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DHS Issues Proposed Rule to Rescind2007 'No-Match' Regulation

Immigration Law Update

August 20, 2009

In August 2007, the Department of Homeland Security issued a final "no match" rule, setting out the steps for an employer to take in order to acquire a "safe harbor" under § 274A of the Immigration and Nationality Act (prohibiting the employment of unauthorized aliens) when in receipt of no-match letters from the Social Security Administration. The rule, set to take effect September 14, 2007, was never implemented because the U.S. District Court for the Northern District of California granted a motion for preliminary injunction, which placed the rule on indefinite hold. The rule would have affected approximately 8 million workers by providing employers with 90 days to reconcile mismatches between the employer's work records and Social Security Administration records. Employers unable to reconcile a mismatch within the 90-day period provided by the DHS would have to fire the employee in question or face fines of as much as $11,000 per employee.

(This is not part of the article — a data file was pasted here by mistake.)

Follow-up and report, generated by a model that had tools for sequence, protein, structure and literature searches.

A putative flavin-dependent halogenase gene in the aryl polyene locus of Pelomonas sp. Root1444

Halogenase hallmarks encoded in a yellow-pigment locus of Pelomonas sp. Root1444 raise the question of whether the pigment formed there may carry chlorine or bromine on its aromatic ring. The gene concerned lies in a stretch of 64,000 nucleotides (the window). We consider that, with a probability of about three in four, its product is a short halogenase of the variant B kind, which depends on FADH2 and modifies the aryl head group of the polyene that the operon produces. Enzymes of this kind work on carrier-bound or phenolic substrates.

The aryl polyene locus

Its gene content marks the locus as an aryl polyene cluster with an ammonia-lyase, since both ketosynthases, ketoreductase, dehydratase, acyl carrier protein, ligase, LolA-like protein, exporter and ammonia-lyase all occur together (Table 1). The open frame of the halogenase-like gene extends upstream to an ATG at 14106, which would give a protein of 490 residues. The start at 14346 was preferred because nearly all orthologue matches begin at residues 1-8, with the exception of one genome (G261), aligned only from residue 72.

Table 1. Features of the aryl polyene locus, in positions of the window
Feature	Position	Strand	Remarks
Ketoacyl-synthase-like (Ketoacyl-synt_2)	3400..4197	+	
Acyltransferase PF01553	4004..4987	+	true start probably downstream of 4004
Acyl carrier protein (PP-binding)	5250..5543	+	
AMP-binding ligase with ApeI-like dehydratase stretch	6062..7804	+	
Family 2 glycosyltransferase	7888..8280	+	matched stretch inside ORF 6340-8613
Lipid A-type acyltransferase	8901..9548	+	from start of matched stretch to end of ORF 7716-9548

Recent Action
On July 9, 2009, the Department of Homeland Security announced its intention to initiate rulemaking proceedings to rescind the safe harbor rule, which would moot the California lawsuit. 
On August 19, 2009, DHS published a proposed rule rescinding the previous rule and its amendments. DHS noted that after further review, it had determined "to focus its enforcement efforts relating to the employment [of unauthorized] aliens...on increased compliance through improved verification, including participation in E-Verify, ICE Mutual Agreement Between Government and Employers (IMAGE) and other programs." To this end, DHS announced that rescinding the August 2007 no-match rule and the subsequent supplemental final rule "will better achieve DHS's regulatory and enforcement goals." The full text of DHS's proposed rule is available in the August 19, 2009 Federal Register at pp. 41801-41805, available here or online at http://edocket.access.gpo.gov/2009/E9-19826.htm.  The comment period is currently set to end on September 18, 2009.